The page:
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Megan Montalvo
Staff Writer

After a much anticipated arrival, a new Nuclear Magnetic Resonance machine arrived on campus Tuesday, marking a new milestone for the University of La Verne.

Efforts to establish an NMR facility on campus started in March 2005 when ULV began applying for various grants. The most notable awards include a $500,000 grant from the W.M. Keck Foundation and a $236,000 grant from the Fletcher Jones Foundation.

Establishing the NMR facility will allow students and faculty to use the most effective method in determining the structure of molecules. Students majoring in organic chemistry will find the new facility especially effective to their field of study.

Located on the ground floor of Founders Hall, the W. M. Keck Foundation NMR Facility, named in recognition of the foundation’s support, will not only bring research-grade instrumentation to the campus, but will also enhance ULV’s Natural Science Division.

“A new era is open for the science division because it allows us to be competitive with other colleges and also helps further research and education,” said Iraj Parchamazad, professor and chair of the chemistry department at ULV.

Though this is not the first time ULV has utilized an NMR, it is the first time that ULV has established a state of the art NMR facility for students to conduct research on campus.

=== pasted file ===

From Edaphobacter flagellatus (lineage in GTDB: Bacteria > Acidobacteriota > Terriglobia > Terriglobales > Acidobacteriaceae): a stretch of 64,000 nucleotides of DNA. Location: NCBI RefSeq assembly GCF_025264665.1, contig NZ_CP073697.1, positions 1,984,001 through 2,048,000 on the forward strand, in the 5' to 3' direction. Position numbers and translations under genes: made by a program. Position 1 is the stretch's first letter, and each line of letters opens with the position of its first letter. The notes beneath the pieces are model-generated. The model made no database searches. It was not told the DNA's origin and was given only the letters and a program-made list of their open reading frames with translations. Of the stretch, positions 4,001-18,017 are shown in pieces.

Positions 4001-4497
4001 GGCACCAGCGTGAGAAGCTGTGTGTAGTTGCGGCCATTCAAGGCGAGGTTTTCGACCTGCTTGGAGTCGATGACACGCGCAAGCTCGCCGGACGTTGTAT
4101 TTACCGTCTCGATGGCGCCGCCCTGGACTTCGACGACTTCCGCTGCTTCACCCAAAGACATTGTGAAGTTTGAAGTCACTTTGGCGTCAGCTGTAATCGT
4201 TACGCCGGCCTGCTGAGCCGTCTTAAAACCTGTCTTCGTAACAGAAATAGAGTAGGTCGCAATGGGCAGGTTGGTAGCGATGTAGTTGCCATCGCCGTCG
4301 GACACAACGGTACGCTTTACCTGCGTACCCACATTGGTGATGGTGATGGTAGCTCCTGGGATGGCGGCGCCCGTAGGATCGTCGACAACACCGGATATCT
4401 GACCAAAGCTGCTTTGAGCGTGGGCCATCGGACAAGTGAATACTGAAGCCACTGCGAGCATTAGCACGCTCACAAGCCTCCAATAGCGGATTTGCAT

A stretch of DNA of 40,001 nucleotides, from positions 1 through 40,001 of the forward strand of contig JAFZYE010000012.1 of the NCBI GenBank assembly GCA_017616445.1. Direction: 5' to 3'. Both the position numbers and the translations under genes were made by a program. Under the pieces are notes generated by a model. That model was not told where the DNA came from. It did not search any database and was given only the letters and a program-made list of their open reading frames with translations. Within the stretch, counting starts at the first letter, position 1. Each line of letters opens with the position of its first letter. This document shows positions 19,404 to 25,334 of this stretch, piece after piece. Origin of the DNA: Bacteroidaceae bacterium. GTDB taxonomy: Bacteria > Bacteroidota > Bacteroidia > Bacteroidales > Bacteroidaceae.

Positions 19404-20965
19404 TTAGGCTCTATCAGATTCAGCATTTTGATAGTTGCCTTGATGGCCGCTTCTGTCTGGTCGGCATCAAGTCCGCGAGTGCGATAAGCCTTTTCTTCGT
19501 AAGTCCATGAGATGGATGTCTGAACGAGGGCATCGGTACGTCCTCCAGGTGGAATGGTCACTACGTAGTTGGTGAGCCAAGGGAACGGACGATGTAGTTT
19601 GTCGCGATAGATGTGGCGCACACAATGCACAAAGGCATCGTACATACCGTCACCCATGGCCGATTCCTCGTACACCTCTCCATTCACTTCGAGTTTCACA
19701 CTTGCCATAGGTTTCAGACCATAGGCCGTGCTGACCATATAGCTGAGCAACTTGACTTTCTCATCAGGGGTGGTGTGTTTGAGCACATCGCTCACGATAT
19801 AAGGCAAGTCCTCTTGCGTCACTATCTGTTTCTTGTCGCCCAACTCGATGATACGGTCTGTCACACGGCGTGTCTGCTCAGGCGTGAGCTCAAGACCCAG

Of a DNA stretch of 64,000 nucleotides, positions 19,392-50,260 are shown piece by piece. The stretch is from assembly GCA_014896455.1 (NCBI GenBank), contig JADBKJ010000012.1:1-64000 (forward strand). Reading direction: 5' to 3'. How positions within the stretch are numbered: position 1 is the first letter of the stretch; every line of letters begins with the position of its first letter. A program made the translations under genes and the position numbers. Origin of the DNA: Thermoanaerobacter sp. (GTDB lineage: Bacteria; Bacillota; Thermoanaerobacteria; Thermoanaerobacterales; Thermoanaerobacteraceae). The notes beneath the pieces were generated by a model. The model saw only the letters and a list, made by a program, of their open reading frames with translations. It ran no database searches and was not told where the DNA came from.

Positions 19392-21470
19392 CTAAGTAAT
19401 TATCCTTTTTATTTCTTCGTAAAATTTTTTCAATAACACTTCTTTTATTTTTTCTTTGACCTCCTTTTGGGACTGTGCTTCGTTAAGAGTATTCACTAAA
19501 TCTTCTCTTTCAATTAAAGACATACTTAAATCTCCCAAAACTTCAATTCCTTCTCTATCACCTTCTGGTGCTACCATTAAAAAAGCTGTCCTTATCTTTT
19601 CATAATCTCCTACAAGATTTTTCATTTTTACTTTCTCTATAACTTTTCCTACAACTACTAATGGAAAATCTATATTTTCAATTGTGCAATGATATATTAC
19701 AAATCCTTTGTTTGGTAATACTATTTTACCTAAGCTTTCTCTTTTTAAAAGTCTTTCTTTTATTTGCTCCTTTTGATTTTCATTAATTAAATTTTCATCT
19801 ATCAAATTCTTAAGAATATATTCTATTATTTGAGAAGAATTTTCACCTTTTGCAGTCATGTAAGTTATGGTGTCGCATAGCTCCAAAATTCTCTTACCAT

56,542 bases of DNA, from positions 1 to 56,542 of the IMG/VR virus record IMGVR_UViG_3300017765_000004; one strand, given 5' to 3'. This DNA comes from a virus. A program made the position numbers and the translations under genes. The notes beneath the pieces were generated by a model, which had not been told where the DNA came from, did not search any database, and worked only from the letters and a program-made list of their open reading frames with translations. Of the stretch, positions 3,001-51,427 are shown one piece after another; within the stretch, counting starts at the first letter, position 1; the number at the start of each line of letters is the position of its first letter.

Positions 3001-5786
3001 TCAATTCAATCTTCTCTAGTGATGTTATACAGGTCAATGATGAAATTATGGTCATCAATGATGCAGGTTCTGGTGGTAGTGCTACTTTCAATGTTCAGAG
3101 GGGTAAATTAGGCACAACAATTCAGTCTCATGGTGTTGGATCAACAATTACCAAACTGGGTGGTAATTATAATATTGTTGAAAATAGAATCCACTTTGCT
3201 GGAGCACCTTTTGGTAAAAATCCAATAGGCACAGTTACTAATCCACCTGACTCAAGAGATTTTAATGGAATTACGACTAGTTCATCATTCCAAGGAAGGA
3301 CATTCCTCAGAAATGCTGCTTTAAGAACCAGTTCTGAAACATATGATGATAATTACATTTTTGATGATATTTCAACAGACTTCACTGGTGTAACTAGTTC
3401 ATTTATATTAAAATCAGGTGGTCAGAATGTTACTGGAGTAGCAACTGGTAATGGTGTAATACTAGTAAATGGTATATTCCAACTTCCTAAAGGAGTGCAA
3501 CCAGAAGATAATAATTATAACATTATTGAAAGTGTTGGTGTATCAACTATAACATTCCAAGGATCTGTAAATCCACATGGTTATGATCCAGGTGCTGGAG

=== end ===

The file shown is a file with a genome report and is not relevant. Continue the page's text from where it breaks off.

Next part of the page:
“It’s really positive to see how we have grown from the time I was a student here in 1993, when all we had to use was a smaller, outdated NMR,” said Yolanda Aquino, biology stockroom coordinator at ULV.

With the addition of the new NMR, professors and administrators expect the facility to help students put into practice what they learn in the classroom.

“It’s one thing to learn about what an NMR does, but to actually see it for yourself definitely helps students retain information,” Aquino said.

The NMR facility is said to be a multi-purpose instrument that will not only attract surrounding schools to conduct research, but also new students and faculty.

“Being able to establish the NMR was a huge victory for us. It is going to help promote a synergy among surrounding schools and act as a great recruiting tool to draw new students and faculty,” said Heather Nishioka, director of foundation relations at ULV.

Seniors majoring in chemistry are already planning to use the NMR for senior projects, and instructors are also looking forward to using the facility to research alternatives to fossil fuels for energy.

“The NMR will allow us to study fuel cell technology, which can help us receive government funding and take ULV to the next plateau,” Parchamazad said.

Installation of the NMR is expected to begin on March 6, with a ribbon-cutting ceremony and open house for surrounding schools and foundation program officers to follow.

Megan Montalvo can be reached at

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